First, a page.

Ontario Independent

Thursday, June 30, 2022

Back-channel talks are being led by Doug Ford’s former chief of staff

Back-channel talks are being led by Doug Ford's ex-chief of staff.

Key Takeaways:

  • Dean French is leading the back-channel negotiations between the City of Ottawa and the protesters occupying its downtown.
  • According to the premier’s spokesperson, Ford was not enlisting the French to mediate with the protesters in Ottawa.

The back-channel negotiations among the City of Ottawa and the protesters occupying its downtown are being led by Dean French, the controversial former chief of staff to Ontario Premier Doug Ford.

According to multiple sources, French is acting as Ottawa Mayor Jim Watson’s go-between in conversing with the leaders of the protest that has engulfed the city for the past 19 days.

According to sources, the French brokered a deal last weekend to confine the protest zone to the streets immediately surrounding Parliament Hill, under which the approximate 400 trucks in residential areas would move.

Also read: In Ontario, here’s a list of what’s reopening and when

However, a couple of trucks have moved, and one of the protest leaders, Tamara Lich, cast doubt on whether this deal had been made.

On Tuesday, Watson informed CBC News that French approached him as well as said he had contacts among the truckers engaged in the protest and could help them negotiate.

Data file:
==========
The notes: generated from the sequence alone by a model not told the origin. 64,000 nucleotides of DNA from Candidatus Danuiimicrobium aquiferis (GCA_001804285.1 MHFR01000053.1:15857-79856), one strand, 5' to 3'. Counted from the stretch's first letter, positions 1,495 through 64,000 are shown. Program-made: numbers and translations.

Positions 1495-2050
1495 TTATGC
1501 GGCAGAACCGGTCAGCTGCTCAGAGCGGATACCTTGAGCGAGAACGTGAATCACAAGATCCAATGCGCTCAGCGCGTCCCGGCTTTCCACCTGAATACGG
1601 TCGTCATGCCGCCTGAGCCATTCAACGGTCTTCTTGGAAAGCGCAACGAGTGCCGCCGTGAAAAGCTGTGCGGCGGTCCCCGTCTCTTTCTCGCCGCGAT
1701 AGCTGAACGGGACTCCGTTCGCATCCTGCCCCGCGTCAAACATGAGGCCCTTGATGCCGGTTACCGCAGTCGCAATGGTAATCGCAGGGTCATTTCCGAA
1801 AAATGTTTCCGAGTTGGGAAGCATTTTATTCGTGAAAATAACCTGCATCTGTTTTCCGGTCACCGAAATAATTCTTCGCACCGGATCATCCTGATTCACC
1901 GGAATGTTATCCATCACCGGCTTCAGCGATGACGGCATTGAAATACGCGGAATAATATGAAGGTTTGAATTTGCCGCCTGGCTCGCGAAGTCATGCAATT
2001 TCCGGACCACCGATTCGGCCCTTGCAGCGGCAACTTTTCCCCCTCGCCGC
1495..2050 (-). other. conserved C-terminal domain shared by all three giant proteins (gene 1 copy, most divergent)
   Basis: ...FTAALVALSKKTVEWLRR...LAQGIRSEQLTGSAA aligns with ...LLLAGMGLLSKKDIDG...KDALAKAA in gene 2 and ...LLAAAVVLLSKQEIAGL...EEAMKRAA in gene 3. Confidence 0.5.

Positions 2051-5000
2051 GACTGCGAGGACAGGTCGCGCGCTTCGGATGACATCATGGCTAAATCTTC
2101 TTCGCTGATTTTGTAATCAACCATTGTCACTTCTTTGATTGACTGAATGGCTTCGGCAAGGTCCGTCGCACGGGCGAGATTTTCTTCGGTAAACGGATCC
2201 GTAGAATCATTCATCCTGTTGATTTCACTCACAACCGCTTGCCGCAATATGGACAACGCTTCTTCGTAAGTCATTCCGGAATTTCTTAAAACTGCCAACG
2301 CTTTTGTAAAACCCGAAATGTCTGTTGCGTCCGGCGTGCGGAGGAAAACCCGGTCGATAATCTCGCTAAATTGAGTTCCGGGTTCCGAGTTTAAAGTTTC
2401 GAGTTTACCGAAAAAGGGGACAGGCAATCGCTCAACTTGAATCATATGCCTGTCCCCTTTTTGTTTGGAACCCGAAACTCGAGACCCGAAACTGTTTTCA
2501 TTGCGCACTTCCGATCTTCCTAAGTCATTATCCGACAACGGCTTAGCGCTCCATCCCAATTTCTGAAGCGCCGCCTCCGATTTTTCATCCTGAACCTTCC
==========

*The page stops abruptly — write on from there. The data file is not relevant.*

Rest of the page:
French also confirmed his participation in the talks. He told CBC News that he is involved as a private citizen and will bring the protest to a peaceful conclusion.

Back-channel talks are being led by Doug Ford's ex-chief of staff.
Back-channel talks are being led by Doug Ford’s ex-chief of staff. Image from CBC News

In the summer of 2019, French resigned from the premier’s office’s top political position. He presided over Ford’s turbulent first year in office and was at the center of several political controversies, including:

  • The appt of Ford’s longtime friend, veteran Toronto Police Superintendent Ron Taverner, to lead the Ontario Provincial Police. Taverner eventually resigned from his position.
  • According to the Toronto Star, the president directed senior political aides to direct police to raid unlicensed cannabis stores during the first day of legalization.
  • Many patronage visits to plum taxpayer-funded jobs, some for people with close personal ties to the French.

According to the premier’s spokesperson, Ford was not enlisting the French to negotiate with the Ottawa protesters.

“Neither the premier nor his office have spoken to Mr. French and are unaware of any professional or personal involvements he may have,” said Ivana Yelich, Ford’s director of media relations, in an email.

Source: CTV News

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